However, one way that I've done this is by using the observer pattern. And let me explain why.

The observer pattern is necessary here because these drawing tools are nothing without the canvas. So, if you have no canvas, you can't (or shouldn't) invoke the circle tool. So instead, my canvas has a host of observers on it.

Each tool that can be used on the canvas is added as an observable event. Then, when an event is fired - like "begin draw" - the tool is sent as the context (in this case 'circle'). From there, the actions of the circle tool execute.

Another way to imagine this is that each layer has its own service, model, and view. The controller really is at the exterior level and associated with the canvas. So, services are only called by other services or by a controller. There are no circle tool controllers - so only another service (in our case the observed event) can call it. That service is responsible for aggregating the data, building the model, and supplying a view.

  • The way I have the tools currently set up is pretty similar to that actually. The CanvasController has an 'activeTool', that implements an interface containing methods like 'onClick', 'onMouseMove', etc... and on such events the active tool's methods are called. The part I'm struggling with is how the tool services add new drawn entities. Since the each part of the Canvas MVC triad has it's own collection of entities (e.g. CanvasController has a list of WidgetControllers, CanvasView has a list of WidgetViews). Does the tool service create all 3 of the widget MVC classes and add them? – chinabuffet Mar 10 '13 at 0:51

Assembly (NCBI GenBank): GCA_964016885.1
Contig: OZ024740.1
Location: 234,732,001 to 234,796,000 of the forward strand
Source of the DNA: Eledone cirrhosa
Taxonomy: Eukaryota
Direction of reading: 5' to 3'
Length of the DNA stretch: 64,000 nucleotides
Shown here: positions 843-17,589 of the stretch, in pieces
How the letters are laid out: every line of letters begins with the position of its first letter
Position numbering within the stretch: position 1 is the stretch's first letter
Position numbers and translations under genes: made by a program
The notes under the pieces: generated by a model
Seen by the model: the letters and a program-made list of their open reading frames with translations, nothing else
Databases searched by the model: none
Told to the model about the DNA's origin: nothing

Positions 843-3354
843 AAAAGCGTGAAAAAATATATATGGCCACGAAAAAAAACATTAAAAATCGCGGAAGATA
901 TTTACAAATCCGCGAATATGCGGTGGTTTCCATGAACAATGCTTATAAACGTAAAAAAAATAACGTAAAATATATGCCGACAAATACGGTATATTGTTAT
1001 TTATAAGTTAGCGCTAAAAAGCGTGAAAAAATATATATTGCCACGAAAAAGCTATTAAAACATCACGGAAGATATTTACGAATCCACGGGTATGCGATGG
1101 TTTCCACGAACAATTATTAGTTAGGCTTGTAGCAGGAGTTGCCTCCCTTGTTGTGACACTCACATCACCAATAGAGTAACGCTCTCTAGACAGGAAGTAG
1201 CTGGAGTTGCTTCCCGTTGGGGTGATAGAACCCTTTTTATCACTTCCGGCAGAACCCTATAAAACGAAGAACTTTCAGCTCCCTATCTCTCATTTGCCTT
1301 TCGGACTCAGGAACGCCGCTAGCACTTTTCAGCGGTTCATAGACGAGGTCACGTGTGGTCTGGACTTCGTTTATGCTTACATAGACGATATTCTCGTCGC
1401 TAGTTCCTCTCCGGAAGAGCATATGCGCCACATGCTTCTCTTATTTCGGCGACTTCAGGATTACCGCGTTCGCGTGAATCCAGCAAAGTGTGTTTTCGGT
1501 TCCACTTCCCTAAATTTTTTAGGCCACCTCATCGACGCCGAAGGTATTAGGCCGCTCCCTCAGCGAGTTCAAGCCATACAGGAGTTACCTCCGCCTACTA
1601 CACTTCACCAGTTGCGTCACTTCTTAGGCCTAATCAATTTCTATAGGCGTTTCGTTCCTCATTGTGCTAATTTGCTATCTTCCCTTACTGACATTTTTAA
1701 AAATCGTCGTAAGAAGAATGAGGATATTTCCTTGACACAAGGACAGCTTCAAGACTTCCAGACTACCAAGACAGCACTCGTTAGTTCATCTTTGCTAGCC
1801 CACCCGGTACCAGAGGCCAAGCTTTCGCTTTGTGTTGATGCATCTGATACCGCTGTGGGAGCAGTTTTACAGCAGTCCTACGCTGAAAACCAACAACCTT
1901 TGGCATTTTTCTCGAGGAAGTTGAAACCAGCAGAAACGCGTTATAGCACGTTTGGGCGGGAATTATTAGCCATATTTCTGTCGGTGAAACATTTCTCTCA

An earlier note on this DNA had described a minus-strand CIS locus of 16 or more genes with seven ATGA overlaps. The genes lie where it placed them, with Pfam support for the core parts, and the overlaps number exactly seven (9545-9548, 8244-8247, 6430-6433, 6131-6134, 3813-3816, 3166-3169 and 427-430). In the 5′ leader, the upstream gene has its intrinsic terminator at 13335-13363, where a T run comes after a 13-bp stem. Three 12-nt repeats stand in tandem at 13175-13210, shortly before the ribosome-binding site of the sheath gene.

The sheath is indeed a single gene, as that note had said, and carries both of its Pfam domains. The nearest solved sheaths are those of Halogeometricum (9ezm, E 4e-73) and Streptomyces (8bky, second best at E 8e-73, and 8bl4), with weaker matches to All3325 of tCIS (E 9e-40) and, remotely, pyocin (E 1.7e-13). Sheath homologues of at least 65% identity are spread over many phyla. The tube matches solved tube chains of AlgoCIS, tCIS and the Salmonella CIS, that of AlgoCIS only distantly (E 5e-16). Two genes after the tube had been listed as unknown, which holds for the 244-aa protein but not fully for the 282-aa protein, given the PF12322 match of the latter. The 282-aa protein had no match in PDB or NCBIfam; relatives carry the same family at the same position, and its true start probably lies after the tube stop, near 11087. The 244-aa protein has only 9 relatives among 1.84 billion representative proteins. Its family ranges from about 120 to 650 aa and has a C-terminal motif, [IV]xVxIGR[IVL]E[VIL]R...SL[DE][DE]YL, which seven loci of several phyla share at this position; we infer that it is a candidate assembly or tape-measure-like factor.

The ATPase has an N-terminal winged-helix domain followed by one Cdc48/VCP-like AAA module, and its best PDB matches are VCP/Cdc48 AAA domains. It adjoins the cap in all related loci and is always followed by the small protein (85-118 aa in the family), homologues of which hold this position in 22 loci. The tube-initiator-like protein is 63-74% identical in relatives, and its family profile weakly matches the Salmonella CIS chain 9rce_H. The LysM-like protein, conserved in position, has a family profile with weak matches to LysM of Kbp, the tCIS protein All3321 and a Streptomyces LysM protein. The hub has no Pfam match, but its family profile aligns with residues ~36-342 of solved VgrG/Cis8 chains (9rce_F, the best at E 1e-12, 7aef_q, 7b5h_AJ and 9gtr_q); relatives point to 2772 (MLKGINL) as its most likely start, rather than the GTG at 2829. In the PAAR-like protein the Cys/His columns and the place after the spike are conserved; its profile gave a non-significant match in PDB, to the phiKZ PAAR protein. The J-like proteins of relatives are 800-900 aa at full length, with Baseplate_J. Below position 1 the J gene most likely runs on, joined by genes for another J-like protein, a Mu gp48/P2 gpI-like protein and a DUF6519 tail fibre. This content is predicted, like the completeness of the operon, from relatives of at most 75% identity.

• I'm not entirely certain if I follow the question... but let me see. I would think the best result on this is that the 'active tool' is actually the service for that tool. You can strip down some of the MVC in this case. There is no need for a controller here - because the service already has those methods ( from the interface ) that you described. Your canvas controller is already calling them, so there should be no "child" controller. As for the associated view, I've never been too sure - I generally invoke the "magical" (heh) "helper class" which automagically interprets view creation. – Aaron Saray Mar 10 '13 at 3:10